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Purchase decisions: Redefining ‘return on investment’

Whether making a purchase or renting a new piece of equipment, ensuring a good return on investment (ROI) is key. But today, that return is no longer measured in purely monetary terms.

Deciding on the right crushing and screening equipment is no longer only down to whether it offers the right capacities and capabilities at the right price. It is also about the bigger picture and the longerterm impacts, with opinions and priorities shifting in favour of both the environment and the wellbeing of workers.

Indeed, contractors can no longer afford to invest in a high-capacity machine that offers a high financial ROI if that machine does nothing to help lower its environmental impact.


With this type of thinking becoming more prevalent, manufacturers are taking note.

A case in point is the new fully electric heavy jaw crusher model from Sandvik Mobile Crushing and Screening. The model is part of the company’s continued “make the shift” strategy to develop products that offer greater sustainability.

The Mobirex MR 100(i) NEO.

Sandvik’s electric UJ443E heavy jaw crusher is a tracked machine that can handle hard and abrasive rock, such as those in the aggregates, construction, quarrying and mining sectors.

The OEM says that in comparison to its previous models, the electric UJ443E provides greater efficiency, with “up to a 30% reduction in fuel consumption and up to a 30% increase in material throughput”. The UJ443E is fitted with its latest generation CJ412 jaw crusher unit, electric final drives and an onboard genset, which enables it to be powered by either an external electricity supply, HVO or diesel.

Sandvik says: “Operating whilst connected to the external electric source can bring several advantages, including lowering running costs, extending drive train service intervals, reducing time spent refuelling, reducing onsite emissions and lowering noise levels.

Japanese dealer to offer trommels from MDS

Rock trommel and scrap recycling trommel manufacturer MDS has expanded into the Far East, with the appointment of its first equipment dealer in Japan.

The company recently signed a distribution partnership with Osaka-based company Kurimoto, which will now expand its product range for the demolition, recycling, quarrying and mining sectors with MDS’ range of heavy-duty materials processing equipment.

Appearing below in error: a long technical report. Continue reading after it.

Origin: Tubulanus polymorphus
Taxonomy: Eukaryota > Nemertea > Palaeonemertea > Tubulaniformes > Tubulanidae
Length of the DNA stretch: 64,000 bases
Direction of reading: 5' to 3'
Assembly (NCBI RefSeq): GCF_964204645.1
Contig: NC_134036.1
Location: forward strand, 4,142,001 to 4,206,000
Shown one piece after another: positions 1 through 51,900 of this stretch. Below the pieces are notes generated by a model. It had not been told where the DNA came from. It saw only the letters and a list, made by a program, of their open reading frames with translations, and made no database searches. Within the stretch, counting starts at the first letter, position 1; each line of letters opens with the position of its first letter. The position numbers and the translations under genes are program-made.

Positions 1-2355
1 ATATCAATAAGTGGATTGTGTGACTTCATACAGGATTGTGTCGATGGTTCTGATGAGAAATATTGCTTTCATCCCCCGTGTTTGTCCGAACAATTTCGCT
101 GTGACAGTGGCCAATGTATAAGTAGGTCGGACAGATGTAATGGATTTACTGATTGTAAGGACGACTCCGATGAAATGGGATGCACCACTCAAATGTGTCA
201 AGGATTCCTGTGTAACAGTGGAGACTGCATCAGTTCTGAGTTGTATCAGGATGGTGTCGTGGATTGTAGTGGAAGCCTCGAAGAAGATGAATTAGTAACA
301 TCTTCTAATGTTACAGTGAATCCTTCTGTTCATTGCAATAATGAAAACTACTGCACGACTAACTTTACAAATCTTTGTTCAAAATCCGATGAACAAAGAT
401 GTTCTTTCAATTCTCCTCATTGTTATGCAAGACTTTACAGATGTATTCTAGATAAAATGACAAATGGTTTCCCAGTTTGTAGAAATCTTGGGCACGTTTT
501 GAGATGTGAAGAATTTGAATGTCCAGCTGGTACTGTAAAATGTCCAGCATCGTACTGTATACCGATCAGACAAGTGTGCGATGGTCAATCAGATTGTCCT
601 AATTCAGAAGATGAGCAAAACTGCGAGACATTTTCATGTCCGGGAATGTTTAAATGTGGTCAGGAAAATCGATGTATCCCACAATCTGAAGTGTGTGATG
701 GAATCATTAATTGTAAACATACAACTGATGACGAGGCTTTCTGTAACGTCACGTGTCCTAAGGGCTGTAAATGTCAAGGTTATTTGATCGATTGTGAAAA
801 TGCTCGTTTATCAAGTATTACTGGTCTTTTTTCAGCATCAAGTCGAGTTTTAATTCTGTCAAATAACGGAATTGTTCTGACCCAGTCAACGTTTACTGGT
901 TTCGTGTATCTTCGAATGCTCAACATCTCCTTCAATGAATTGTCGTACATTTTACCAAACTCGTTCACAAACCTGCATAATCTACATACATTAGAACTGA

The distributor will be responsible for providing nationwide sales, service, and support for MDS’ products - including its M518R Recycling Model.

Yoshio Yanagida, Kurimoto General Manager, says: “There is great potential for MDS throughout Japan, which had recycling trommels, regular screeners and scalpers but was missing mobile heavy duty trommels. With the introduction of MDS, we will be able to better process overburden in quarries as well as in demolition concrete waste.”

The UJ443E heavy jaw crusher.

“The fully electric track drives also decrease the use of hydraulic oil on the plant by up to 91%,” adds the company.

The UJ443E model also has a 125Amp downstream connection that enables equipment users to operate a downstream plant unit, such as a screener or scalper.

Hybrid crushers and screens launch

Metso is to launch a new diesel-electric range of Lokotrack crushers and screens in the spring of 2024.

The company’s new track mounted Lokotrack EC range is designed and built on a completely new platform that Metso has been developing since 2020. It features digital tools that Metso says will make operation and maintenance “easier than ever”.

While no details about the number of models included in the range have yet been revealed, the Lokotrack EC units are said to include a next-generation diesel-electric powerline, with all process functions electrically driven and controlled by automation.

According to Metso, this ensures the EC models “always perform at the optimal load level”.

Jarmo Vuorenpää, Director of the new Lokotrack offering at Metso, says: “The new Lokotrack EC range will be PHOTO: ©METSO transformational for the mobile crushing and screening of aggregates.

“This new hybrid equipment with higher efficiency and lower emissions will also significantly contribute to Metso’s Planet Positive offering and the company’s commitment to reach its ambitious climate targets.”

According to Sandvik, utilisation of the downstream configuration can decrease fuel consumption by up to 20%, compared to running separate units.


Similarly, manufacturer Kleemann recently unveiled the first model of an entirely new impact crusher range.

Set to be introduced in 2024 via staggered launches in Europe and North America, the new Mobirex MR 100(i) NEO is designed for various demolition and recycling applications.

While the MR 100(i) NEO incorporates a crushing unit that has a 4-ledged rotor with a large impact range – enabling it to process concrete, rubble, asphalt and soft to medium-hard natural stone – its zeroemissions, electric powered NEOe sister version is an even more sustainable option.